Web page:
Change the terms of a salary sacrifice arrangement
If an employee wants to opt in or out of a salary sacrifice arrangement, their contract must be altered on each occasion. An employee’s contract must be clear on what their cash and non-cash entitlements are at any given time.
It may be necessary to change the terms of a salary sacrifice arrangement where a lifestyle change significantly alters an employee’s financial circumstances.
This may include:
- changes to circumstances directly arising as a result of coronavirus (COVID-19)
- partner becoming redundant or pregnant
Salary sacrifice arrangements can allow opting in or out in the event of lifestyle changes like these.
As a general rule, if an employee swaps between cash earnings and a non-cash benefit whenever they like, any expected tax and National Insurance contributions advantages under a salary sacrifice arrangement will not apply.
Changes cannot be retrospective
The National Minimum Wage (NMW) is a consideration, as the cash wage should not fall below a set figure. Apart from living accommodation, benefits in kind do not count towards the NMW. It makes no difference whether or not the benefit is taxed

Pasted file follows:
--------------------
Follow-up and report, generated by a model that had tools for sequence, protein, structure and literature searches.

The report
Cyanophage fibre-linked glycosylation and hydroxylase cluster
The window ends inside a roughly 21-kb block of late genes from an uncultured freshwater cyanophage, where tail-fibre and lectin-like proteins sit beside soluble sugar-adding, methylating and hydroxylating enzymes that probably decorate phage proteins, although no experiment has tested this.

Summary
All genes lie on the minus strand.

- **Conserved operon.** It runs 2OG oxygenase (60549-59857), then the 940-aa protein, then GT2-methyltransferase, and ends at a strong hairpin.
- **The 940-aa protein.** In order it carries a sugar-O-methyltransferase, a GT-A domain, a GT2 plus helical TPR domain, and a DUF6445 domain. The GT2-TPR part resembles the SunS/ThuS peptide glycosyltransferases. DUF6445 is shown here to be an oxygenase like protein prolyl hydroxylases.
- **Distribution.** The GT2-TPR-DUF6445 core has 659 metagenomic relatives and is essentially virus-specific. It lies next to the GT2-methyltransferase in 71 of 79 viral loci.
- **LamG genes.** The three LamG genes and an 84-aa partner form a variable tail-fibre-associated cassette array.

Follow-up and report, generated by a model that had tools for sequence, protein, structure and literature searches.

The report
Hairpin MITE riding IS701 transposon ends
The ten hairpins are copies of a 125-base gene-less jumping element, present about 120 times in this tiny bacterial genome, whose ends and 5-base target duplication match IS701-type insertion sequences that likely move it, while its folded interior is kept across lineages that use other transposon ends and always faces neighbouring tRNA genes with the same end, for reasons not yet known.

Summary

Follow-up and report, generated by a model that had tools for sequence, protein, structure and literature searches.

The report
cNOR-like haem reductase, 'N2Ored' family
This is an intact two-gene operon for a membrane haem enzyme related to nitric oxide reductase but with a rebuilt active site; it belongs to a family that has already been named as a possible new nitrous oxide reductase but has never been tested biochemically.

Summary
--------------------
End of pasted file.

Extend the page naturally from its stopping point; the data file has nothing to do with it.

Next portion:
Tax and National Insurance contributions exemptions on non-cash benefits
The benefits listed below are not chargeable to income tax:
- Workplace car parking
- Provision of cycles and cyclist’s safety equipment (including cycle to work)
- Childcare vouchers
- Workplace nurseries
- Other Childcare
- Employer made contributions under a registered pension scheme
- Employer provided pensions advice
Varying the contract can be achieved in a number of ways
- rewriting the document in part or whole
- setting out agreed changes in a separate document that is attached to the main contract. This may be a letter or a pro-forma
- employees may be informed of proposals to make changes by the employer
- The employer may specify that if an employee has not indicated his/her wish not to participate in the changes by a certain date, the absence of an “opt out” will be regarded as an “opt in”.
The role of HMRC
Salary sacrifice is a matter of employment law, not tax law. The nature of an employee’s contract of employment is a matter for the employer and employee. HMRC’s interest is in determining how the tax and NICs legislation applies to the various elements of the employee’s remuneration package.
If an employer requests advice in organising a salary sacrifice, HMRC will explain that this is a matter between the business and the employee. HMRC cannot give advice on the terms and conditions of an employee’s contract.